Posts Tagged Incompleteness Theorem
I have had some discussions with engineers who had Intelligent Machines as their religion, and interestingly it’s the Atheists who dreams about thinking machines.
With background in the current computer technology I will analyze the feasibility of intelligent machines from three different scientific approaches: The Mathematical, the Physical, and the Biological.
It’s interesting that the believers in Intelligent Machines ignores the evidence, especially the stringent Mathematical evidence, this is also the reason I call them believers as they ignore facts, dreaming of a future with god-like machines a lot wiser and knowledgeable than man.
It is possible to have a complete and consistent list of axioms that cannot be produced by a computer program (that is, the list is not Computably Enumerable).
The incompleteness theorems also implies that not all mathematical questions are computable.
It states simply that there are problems which man can solve and machines can’t.
What he proves is that there are things in a system, like our physical world, that can’t be done within the system itself, which can only be done from something outside that system, but man breaks this barrier where computers can’t, and that means that man depend on something outside the physical world, like soul and spirit.
Roger Penrose shows with examples why they cant think in: “The Large, the Small and the Human Mind“.
In this Hard Talk interview about the recurring big bang Roger Penrose touches the problem.
When you look out into the room, you are sitting in, you have a picture or really a video of everything at once and constantly. It means that this view of your surroundings, and your thoughts about it, are in your Consciousness. Seen from a computational view it is really fantastic, and Computer Science today can only dream of something that seems to be Conscious! Even with future technologies as Quantum Computing is it a question if we can make Conscious Computers at all.
Computers are something called Von Neumann Machines, which again is defined through the theoretical Turing Machine, and Turing Machines can only work on one bit at a time, which is only a small part of the information necessary to make a single point on a computer or television screen.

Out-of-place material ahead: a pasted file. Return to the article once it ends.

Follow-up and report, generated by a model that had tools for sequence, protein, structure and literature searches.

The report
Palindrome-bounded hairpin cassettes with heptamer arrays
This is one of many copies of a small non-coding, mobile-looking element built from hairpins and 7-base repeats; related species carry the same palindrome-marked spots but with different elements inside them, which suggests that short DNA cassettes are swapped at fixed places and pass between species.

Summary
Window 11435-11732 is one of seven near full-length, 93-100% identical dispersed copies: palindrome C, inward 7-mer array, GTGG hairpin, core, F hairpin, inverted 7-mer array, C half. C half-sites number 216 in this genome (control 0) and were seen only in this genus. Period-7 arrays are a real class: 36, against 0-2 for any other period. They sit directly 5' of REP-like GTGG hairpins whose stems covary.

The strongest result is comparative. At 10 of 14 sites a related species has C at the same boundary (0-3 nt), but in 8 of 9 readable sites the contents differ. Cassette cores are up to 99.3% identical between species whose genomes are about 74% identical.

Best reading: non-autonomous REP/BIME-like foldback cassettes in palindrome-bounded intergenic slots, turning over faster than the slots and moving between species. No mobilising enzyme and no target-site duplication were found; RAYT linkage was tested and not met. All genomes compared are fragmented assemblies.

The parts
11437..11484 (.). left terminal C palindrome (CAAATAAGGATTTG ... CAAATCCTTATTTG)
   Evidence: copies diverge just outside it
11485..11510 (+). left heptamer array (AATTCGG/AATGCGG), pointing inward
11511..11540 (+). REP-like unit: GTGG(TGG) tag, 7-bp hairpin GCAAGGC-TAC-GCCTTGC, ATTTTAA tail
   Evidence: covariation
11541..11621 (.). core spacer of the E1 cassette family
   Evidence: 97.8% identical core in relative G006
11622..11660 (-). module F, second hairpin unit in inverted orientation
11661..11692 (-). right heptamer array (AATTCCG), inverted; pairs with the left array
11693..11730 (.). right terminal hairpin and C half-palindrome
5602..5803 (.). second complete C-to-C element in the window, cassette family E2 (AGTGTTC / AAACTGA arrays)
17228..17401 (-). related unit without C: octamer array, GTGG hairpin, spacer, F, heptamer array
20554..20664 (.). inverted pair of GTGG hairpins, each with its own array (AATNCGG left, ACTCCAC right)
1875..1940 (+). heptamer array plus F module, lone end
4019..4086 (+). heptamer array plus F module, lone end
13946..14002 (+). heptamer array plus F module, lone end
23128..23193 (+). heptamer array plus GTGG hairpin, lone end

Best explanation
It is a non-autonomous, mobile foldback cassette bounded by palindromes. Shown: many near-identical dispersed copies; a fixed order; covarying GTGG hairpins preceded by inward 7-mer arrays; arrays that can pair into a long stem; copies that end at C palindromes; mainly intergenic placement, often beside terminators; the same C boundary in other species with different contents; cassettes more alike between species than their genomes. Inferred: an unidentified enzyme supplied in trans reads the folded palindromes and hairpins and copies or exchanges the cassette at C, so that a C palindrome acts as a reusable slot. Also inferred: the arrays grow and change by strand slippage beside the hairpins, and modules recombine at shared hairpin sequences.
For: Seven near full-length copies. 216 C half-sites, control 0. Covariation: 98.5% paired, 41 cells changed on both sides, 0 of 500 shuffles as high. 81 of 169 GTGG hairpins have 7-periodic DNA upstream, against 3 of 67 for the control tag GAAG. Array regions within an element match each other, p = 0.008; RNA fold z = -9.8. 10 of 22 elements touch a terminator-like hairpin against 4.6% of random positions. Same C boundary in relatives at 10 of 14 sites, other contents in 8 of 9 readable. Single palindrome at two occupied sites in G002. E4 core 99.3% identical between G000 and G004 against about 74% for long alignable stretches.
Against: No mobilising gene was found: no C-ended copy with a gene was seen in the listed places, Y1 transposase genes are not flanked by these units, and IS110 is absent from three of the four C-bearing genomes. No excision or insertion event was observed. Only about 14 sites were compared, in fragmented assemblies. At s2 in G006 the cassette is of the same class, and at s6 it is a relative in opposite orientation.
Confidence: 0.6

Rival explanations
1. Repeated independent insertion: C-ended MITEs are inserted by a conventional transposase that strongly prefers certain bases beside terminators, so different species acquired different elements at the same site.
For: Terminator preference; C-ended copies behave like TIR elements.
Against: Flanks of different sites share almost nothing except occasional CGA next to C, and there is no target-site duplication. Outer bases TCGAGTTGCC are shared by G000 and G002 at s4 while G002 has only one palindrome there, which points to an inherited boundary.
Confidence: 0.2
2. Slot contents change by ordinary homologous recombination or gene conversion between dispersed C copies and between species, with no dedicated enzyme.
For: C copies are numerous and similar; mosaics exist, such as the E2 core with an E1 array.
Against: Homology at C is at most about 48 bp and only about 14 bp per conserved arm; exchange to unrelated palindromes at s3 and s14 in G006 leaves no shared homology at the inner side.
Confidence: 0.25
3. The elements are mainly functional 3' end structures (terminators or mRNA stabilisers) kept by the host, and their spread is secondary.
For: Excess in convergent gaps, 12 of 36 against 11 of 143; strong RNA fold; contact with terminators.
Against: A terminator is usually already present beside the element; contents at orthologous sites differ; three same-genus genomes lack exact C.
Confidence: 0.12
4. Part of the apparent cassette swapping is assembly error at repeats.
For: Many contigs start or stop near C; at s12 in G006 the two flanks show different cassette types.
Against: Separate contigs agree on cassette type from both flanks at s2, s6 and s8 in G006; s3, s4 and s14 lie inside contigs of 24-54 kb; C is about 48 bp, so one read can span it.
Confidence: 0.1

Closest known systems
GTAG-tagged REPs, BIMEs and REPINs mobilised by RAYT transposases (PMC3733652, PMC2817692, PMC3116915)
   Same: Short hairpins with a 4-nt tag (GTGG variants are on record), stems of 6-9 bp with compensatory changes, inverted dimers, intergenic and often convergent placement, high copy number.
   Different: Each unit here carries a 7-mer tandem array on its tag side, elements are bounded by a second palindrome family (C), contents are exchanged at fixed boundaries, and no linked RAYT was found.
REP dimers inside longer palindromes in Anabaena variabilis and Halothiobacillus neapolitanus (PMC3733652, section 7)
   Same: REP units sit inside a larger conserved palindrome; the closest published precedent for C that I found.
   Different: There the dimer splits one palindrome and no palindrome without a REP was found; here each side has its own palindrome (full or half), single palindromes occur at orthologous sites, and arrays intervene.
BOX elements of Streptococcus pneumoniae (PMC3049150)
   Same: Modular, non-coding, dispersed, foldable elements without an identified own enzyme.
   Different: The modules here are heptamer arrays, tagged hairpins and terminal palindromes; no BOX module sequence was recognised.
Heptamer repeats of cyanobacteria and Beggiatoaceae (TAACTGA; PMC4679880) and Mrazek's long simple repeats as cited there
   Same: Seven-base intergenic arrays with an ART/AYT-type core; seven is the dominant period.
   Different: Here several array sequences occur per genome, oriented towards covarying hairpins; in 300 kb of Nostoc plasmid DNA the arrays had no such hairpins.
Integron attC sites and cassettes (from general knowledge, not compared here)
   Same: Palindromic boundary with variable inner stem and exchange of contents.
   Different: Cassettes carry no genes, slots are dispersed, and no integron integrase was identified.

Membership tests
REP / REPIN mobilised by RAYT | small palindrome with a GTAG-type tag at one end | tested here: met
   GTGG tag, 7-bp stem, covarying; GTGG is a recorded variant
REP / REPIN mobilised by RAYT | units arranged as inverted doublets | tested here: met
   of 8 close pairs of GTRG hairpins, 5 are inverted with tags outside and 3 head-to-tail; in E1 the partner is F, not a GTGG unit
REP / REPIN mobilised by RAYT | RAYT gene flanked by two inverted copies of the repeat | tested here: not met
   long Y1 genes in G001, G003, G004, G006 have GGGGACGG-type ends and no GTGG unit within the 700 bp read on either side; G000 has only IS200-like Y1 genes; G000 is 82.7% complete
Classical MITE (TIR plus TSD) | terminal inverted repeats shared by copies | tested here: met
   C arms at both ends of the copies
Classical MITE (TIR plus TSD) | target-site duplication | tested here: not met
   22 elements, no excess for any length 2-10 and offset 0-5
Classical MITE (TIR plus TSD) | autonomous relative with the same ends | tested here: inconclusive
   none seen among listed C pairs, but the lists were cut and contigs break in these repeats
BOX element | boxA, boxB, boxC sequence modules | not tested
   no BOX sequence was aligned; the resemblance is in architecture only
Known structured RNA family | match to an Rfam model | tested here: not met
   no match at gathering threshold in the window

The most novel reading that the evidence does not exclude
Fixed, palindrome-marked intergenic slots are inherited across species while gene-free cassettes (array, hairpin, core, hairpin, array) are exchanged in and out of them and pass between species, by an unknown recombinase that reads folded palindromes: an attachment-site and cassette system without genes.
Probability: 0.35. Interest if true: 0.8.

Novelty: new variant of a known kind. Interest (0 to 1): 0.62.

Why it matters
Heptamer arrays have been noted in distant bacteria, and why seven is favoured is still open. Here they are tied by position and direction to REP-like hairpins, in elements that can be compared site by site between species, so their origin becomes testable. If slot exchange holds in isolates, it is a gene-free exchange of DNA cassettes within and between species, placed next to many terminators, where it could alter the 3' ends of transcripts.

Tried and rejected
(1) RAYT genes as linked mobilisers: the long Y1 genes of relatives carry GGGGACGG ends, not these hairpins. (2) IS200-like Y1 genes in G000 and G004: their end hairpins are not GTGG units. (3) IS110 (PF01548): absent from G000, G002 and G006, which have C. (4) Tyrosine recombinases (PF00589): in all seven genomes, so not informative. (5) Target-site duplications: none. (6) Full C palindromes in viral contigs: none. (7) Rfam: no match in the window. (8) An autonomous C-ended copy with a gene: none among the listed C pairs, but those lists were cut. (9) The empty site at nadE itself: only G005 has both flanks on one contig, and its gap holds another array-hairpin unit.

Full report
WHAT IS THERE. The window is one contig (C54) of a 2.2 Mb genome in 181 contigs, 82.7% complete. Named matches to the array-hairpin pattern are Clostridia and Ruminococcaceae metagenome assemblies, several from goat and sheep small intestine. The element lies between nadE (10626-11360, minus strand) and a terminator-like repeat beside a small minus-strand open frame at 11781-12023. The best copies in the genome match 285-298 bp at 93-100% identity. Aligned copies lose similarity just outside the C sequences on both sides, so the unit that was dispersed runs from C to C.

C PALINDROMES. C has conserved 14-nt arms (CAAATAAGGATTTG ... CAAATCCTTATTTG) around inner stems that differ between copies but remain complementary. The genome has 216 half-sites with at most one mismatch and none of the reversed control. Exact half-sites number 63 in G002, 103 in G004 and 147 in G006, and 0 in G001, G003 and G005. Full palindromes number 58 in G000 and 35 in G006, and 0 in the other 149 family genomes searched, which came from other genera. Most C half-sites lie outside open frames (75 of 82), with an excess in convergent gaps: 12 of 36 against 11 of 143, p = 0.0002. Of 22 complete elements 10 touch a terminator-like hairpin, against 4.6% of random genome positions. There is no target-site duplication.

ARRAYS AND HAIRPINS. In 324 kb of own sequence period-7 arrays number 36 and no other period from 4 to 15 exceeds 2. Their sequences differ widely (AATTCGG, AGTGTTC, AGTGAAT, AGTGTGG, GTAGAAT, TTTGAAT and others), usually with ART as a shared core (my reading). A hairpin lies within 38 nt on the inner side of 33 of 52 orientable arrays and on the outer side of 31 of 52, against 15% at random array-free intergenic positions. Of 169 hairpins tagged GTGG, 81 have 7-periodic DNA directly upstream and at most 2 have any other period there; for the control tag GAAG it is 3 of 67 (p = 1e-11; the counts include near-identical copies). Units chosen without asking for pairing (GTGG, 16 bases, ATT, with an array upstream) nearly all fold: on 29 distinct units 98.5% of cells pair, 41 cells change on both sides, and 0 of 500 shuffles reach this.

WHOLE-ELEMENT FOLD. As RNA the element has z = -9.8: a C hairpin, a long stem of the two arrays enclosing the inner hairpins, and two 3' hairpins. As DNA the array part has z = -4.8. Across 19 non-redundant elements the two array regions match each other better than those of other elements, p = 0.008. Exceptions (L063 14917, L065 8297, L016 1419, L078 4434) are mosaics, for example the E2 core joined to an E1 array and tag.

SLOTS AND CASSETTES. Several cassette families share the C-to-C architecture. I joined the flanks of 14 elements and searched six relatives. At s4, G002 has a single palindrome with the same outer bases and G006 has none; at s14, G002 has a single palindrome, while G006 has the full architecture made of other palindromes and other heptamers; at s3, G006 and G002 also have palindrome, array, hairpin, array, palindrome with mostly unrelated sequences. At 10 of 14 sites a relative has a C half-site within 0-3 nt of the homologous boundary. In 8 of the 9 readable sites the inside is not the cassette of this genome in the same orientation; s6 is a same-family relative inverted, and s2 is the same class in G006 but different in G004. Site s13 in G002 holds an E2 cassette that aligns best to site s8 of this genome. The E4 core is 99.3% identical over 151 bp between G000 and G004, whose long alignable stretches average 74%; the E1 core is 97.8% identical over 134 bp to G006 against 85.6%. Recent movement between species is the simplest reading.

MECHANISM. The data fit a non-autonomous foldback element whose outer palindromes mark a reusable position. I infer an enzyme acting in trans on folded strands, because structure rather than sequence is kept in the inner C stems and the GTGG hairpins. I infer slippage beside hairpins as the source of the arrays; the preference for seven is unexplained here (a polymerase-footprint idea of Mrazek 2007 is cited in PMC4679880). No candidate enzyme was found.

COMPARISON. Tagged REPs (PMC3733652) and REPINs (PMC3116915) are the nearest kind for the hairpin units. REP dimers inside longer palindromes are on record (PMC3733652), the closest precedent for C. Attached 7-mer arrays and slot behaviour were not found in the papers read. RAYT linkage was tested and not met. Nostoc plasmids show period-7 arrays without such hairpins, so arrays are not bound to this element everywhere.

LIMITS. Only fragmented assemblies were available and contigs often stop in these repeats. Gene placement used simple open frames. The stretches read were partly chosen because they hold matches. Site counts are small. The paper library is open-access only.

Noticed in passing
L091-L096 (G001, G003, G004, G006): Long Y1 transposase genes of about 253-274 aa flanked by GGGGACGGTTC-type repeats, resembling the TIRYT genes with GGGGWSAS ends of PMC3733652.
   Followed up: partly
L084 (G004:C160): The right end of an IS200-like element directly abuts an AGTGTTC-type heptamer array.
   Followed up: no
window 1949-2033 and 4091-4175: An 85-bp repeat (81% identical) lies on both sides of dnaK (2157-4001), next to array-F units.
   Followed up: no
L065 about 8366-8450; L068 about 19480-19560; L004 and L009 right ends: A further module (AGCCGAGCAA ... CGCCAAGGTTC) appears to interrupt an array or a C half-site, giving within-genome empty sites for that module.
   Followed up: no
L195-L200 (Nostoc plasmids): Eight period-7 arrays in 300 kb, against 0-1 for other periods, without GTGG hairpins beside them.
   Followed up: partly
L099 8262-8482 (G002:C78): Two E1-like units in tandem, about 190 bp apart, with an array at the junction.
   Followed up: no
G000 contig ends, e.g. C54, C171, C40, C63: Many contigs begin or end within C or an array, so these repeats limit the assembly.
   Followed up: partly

The consequence is that Computers can only have a part of a point of a picture in what we can call their ‘consciousness’ at a time, and that is not enough to even contain the color information of a point. What they have calculated in one instance is forgotten in the next. It’s only when we see the result on the screen or on paper that it becomes conscious through our consciousness, that is, we see the screen as a whole, extracts the relevant information in all its complexity, and understands it’s implications.
A computer cannot be Intelligent however big and speedy it is.
Erich Harth in ‘Windows on the Mind’, 1982:
The brain presents two seemingly irreconcilable aspects: It is a material body, exhibiting all the physical properties of matter, and it possesses a set of faculties and attributes, collectively called mind, that are not found in any other physical system.
In his book “The Creative Loop,..” he elaborates further on how the physical mind functions, and why it’s superior to any known devices.
The book by Erich Harth’s “The Creative Loop, How the Brain Makes a Mind” gives an intelligent description of the physical working of our brain.
No Theory of a Conscious Machine yet
There have been talked about thinking machines for forty years, but there have not been a single theory for building one yet. There are a lot of programs running on super computers which can simulate some aspects of the mind, but the programs have nothing to do with real intelligence.
Computers are good at those things where we are bad, that is remembering and calculations, but they can’t think.
With the knowledge we have to-day, if it had been possible to program consciousness into our current computers, we would have done it by now.
It may be possible to make thinking computers if its build on Quantum Computing, as the numbers of bits in the computer’s processing unit can be increased considerable above the one bit we have today, caused by entanglement, but I don’t think that it’s enough to create consciousness, but it is a requirement.
Hubert Dreyfus: What Computers Can’t Do: The Limits of Artificial Intelligence.
Quantum Consciousness: A Discussion between Stuart Hameroff and Alwyn Scott.
Tarjei Straume on the Technological Singularity.